The first thing that struck me about Colson Whitehead’s new novel, The Nickel Boys, was the beautiful simplicity of the cover. A large red square with a white border and two young Black men standing at the edge of the red – it is ART.
The second thing that struck me about this book was that it was released in July when it’s likely to be a heavy hitter come awards season. It is surprising to me that a book with this much publishing heft behind it wasn’t held for October.
Lucky for us that we get to read this so much sooner.
You have to be ready for this book though. It will destroy you.
The Nickel Boys is based on the real-life reform school in Florida that operated for 111 years, devastating the lives of thousands of children.
Elwood Curtis is college-bound. Living with his grandmother in the Black enclave of Frenchtown in segregated Tallahassee, Elwood has big dreams for himself. Listening to the speeches of Dr Martin Luther King, he takes the idea that he is as good as anyone else to heart. One bad decision, an innocent mistake, and he is sentenced to time at the Nickel Academy, a reform school that will provide the intellectual and moral training their delinquent charges lack.
In reality, the ‘school’ is a chamber of horrors that sexually and physically abuses the children in its care (I cannot stress enough that the students were CHILDREN). Elwood figures if he keeps his head down and ‘does his time’, he can get out of there and move on with his life relatively quickly. But seeing only the good in the world is next to impossible in a place like the Nickel Academy and alongside his friend Turner, Elwood has to make some difficult decisions to survive.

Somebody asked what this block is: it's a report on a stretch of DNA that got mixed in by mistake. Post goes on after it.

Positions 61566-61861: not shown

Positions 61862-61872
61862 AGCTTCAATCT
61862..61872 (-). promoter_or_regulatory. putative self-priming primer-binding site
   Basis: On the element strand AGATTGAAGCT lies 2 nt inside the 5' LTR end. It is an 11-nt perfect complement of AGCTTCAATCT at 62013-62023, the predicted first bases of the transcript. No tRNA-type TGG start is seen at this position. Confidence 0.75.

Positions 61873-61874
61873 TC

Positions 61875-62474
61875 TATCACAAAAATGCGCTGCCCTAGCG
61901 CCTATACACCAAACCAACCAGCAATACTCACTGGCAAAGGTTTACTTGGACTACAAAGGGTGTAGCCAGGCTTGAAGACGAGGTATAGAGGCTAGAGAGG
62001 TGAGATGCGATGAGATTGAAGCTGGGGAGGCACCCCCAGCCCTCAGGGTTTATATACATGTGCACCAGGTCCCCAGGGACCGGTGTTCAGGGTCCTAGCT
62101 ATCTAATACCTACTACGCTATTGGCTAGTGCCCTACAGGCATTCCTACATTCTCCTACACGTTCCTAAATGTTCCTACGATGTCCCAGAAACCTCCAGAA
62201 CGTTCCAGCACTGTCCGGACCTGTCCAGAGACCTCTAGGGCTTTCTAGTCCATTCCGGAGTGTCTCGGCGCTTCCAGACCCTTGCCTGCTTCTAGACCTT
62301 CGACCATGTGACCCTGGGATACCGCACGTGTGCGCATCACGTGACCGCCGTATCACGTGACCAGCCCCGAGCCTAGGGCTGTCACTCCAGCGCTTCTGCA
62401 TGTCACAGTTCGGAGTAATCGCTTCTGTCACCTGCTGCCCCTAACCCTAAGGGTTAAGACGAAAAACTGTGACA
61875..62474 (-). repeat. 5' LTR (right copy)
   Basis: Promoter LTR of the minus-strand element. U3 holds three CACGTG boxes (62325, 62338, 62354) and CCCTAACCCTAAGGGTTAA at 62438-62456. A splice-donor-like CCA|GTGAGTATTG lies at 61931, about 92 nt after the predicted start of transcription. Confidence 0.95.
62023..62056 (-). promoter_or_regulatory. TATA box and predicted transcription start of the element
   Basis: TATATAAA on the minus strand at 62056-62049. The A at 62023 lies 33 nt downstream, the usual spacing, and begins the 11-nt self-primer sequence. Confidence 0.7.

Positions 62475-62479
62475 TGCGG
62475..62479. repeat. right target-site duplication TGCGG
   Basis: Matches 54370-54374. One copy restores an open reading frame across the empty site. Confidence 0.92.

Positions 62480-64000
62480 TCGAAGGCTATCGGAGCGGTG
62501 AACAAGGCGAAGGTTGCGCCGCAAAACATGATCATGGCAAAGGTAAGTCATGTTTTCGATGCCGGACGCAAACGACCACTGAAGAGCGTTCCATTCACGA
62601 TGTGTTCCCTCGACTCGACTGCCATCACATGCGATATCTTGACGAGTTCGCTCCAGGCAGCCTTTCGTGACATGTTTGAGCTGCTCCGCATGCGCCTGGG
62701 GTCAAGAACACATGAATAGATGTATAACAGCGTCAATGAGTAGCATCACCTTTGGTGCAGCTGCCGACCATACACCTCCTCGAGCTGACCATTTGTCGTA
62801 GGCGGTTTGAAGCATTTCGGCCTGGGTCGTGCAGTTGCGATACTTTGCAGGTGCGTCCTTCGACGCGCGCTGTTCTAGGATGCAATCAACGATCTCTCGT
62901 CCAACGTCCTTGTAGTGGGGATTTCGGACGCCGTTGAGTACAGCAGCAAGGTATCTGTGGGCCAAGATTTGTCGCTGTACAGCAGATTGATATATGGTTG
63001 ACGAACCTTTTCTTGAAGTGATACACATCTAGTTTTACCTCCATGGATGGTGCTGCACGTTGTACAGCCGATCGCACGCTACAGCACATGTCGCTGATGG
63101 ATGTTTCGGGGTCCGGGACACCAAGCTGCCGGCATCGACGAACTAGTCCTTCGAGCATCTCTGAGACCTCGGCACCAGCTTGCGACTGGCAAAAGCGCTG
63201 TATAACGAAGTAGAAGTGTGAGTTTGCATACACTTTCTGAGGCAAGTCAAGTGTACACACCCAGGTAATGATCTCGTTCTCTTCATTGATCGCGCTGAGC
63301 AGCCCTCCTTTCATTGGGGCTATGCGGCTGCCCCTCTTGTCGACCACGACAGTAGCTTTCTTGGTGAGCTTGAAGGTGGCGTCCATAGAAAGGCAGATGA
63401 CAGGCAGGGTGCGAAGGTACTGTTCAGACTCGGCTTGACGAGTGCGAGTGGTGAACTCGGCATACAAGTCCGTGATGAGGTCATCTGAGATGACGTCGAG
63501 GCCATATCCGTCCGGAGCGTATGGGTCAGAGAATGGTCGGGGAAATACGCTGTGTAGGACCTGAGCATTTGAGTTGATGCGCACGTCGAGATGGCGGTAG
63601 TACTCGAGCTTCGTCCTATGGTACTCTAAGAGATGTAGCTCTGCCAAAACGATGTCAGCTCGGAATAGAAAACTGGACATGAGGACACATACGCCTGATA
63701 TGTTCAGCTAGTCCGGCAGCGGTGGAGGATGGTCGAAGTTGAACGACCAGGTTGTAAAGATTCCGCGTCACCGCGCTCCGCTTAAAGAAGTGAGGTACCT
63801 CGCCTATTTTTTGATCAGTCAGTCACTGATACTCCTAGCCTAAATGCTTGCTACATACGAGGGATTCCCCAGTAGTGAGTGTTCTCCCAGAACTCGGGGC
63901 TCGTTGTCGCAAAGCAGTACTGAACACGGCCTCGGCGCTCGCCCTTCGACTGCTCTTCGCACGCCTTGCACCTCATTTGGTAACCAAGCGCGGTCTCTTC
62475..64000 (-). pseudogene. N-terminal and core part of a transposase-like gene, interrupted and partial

Colson Whitehead is a master storyteller at the peak of his craft. Every page, every paragraph, every word has been chosen to cause maximum damage to his reader. Whitehead spares none of us with this story. The abuse depicted is so casual, you almost miss it! You almost miss heinous descriptions of abuse because Whitehead wants you to understand the everyday reality faced by these kids. It was just a part of their day-to-day! I think that by doing it this way, he makes The Nickel Boys palatable to a wider audience. You can’t dismiss this one as too graphic to read. And this story needs to be read, it’s important.
The Nickel Boys is a marvel of storytelling from beginning to end. When I got to end, when I realized how all the pieces fit together to form a DEVASTATING conclusion, I sobbed. Straight up sobbed. It’s the kind of book that knocked the breath right out of me.
I can see this book as a movie or a mini-series. It has HBO or Oscar-bait written all over it should that happen. It’s the story from a dark chapter in American history, told by one of America’s best story-tellers. If you haven’t read it already, I cannot stress enough that you need to.
Thanks to Penguin Random House of Canada for providing me with an ARC of this book in exchange for honest reviews.